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King Gillette, founder of the company that bears his name and inventor of the safety razor, in 1894 wrote a book about a utopian future where one company would efficiently produce all products.

With its $57 billion acquisition of Gillette Co., Procter & Gamble is just about there.

The merger would make P&G a nearly unstoppable global force in consumer-goods marketing. The combined company would have $62 billion in sales, easily passing Unilever as the world's largest consumer-products company and L'Oreal as the largest personal-care and beauty marketer. It would boast 50% or greater market share in several categories, including razors, men's deodorant and segments of oral care. It would have greater clout in negotiations with retailers-P&G is already Wal-Mart's largest supplier-media sellers and agencies. And it would return P&G to the top slot among U.S. advertisers, pushing it past General Motors Corp.

But while much of the deal's appeal to P&G executives comes from a relative lack of overlap in the companies, antitrust experts believe a combined P&G/Gillette could face considerable scrutiny and possibly divestiture demands in such areas as men's deodorant, whitening kits and power toothbrushes.

The move may also portend major advertising-agency shuffles, since Gillette's creative agency, Omnicom Group's BBDO, New York, is not on P&G's roster. It also gives WPP Group's MindShare, which handles more than $900 million in global buying for Gillette, a larger presence-at least temporarily-with P&G, which only recently landed on the roster after acquiring Grey Worldwide (see sidebar, below).

`dream deal'

Berkshire Hathaway Chairman-CEO Warren Buffett, who will go from Gillette's largest shareholder to P&G's largest shareholder, referred to it as a "dream deal" and put his money where his mouth is. Mr. Buffett played a role in brokering the deal, said P&G Vice Chairman Robert McDonald in a Cincinnati news conference. And by pledging to increase his holdings in the newly combined company to 100 million shares, he'll own more than 3% of P&G.

Mr. McDonald acknowledged that P&G had been interested in Gillette. But he said serious negotiations began when Gillette approached P&G in December.

Gillette Chairman-CEO James Kilts, having sold both Nabisco Foods and Gillette at substantial gains within five years, will become a vice chairman of P&G and help lead the transition as part of the deal-the most clout an executive of an acquired company has ever had at P&G. According to one executive familiar with the deal, Mr. Kilts first approached P&G last fall, and was rebuffed until late 2004 or early this year.

Some big questions remain to be answered, including whether P&G will divest any brands, how Gillette will fit into P&G's business-unit structure, how many of an estimated 6,000 job cuts will come from each company and how agency assignments will be affected, Mr. McDonald said. P&G will target "management overlaps and support services" for head-count reduction, which he said would come both from P&G and Gillette.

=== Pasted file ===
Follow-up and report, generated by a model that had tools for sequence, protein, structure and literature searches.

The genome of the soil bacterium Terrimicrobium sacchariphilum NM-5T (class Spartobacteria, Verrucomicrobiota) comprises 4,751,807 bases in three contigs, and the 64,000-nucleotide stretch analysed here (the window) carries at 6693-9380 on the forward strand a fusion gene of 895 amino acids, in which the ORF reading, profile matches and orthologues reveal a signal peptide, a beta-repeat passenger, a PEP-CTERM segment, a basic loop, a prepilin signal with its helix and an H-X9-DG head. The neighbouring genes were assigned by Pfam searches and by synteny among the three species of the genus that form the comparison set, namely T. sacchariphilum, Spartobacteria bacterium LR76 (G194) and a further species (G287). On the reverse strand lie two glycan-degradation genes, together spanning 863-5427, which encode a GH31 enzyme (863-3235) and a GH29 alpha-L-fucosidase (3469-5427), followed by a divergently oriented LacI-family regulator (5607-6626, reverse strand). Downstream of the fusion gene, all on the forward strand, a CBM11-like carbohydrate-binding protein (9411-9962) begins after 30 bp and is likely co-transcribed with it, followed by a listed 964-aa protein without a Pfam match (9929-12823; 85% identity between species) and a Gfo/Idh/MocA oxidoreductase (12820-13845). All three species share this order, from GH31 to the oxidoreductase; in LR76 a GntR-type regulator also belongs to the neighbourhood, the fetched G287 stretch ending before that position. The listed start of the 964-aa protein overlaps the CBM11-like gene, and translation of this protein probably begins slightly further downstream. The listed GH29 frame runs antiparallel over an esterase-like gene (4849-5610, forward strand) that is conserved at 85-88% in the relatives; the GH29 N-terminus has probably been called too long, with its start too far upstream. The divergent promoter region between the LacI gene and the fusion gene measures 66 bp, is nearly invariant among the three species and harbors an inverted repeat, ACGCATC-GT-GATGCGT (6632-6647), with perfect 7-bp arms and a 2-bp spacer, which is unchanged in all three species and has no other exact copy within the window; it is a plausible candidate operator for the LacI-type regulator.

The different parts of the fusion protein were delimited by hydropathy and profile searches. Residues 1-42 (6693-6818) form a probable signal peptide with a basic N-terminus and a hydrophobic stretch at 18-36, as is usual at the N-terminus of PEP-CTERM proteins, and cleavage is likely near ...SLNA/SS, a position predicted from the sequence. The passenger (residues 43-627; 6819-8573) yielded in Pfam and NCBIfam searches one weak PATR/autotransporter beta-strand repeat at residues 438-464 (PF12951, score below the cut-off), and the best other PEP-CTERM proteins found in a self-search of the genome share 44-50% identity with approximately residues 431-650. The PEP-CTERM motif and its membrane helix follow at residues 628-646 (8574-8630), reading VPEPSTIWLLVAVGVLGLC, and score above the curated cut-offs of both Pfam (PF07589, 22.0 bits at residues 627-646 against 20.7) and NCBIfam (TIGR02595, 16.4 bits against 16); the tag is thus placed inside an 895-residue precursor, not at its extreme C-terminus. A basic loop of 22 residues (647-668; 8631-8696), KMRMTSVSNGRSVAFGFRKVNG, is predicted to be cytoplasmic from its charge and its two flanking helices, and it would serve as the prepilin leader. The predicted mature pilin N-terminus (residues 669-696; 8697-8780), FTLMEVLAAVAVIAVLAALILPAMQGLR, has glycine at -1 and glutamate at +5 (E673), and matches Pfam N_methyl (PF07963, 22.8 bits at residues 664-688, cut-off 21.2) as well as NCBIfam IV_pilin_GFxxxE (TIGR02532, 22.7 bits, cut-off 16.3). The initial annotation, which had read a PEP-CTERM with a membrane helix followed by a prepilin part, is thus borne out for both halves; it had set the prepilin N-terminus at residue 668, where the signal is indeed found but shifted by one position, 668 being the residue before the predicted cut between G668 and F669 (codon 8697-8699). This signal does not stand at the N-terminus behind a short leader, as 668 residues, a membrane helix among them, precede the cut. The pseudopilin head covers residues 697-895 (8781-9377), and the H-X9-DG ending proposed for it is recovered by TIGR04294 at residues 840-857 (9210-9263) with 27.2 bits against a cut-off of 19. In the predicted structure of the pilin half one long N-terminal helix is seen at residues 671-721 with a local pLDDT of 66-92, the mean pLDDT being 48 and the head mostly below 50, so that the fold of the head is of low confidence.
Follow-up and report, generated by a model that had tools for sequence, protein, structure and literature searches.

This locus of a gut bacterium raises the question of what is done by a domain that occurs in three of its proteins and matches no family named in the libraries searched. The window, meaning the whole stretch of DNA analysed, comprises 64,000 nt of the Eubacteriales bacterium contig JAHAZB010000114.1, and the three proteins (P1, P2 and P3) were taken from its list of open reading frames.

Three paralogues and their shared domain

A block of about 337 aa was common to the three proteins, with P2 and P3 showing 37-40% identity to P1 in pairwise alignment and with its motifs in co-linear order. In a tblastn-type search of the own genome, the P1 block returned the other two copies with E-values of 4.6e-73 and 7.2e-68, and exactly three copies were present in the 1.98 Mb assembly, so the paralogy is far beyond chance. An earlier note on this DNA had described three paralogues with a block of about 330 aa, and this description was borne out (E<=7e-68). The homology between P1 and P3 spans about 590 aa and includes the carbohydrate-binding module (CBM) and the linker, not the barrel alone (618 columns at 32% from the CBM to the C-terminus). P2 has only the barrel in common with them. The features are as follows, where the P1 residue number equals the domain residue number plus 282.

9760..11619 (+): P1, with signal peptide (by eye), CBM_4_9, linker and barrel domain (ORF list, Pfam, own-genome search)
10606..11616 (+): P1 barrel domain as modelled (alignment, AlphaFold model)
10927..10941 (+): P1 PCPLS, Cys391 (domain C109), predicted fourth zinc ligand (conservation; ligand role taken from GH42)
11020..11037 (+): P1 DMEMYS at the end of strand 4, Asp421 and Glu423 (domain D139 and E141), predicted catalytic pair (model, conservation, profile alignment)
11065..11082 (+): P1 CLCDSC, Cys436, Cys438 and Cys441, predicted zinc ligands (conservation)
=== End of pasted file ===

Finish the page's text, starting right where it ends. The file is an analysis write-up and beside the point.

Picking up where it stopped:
"Fortunately, because of the way the regulatory process works, we have time to do that work," he said, adding that P&G expects an antitrust and regulatory review of six to nine months. "I'm not an antitrust attorney, but we think these businesses are complementary," said Mr. McDonald. "We tried to work with regulatory bodies to make sure we were doing all the right things to get a favorable outcome. Of course, we cannot predict what will happen."

Gillette's dominant razor and blade business, with global shares of more than 70%, and its Duracell battery business make up two-thirds of the company's total sales. There is almost no overlap with current P&G business, aside from P&G's license of the Old Spice and Noxzema brands to tiny American Safety Razor, which has razor shares in the low single digits.

Interestingly, the two companies were poised to square off in what could be the future of hair removal and skin care. As talks with Gillette began in earnest late last year, P&G purchased an option to buy a startup laser-hair-removal and skin-care company, according to a person familiar with the matter. A P&G spokeswoman declined to comment. Gillette at the same time extended its co-development pact with Palomar, another laser-hair-removal player.

There could be some antitrust problems lurking in the other third of the $10.3 billion Gillette business, which includes oral care and deodorant, said David Balto, a former Federal Trade Commission antitrust staffer and now an antitrust lawyer. Potential problem areas include men's deodorant, where the two companies would have a combined share of more than 50%, power toothbrushes, where they'd account for 60%, and at-home whitening products, where they command more than 80% share.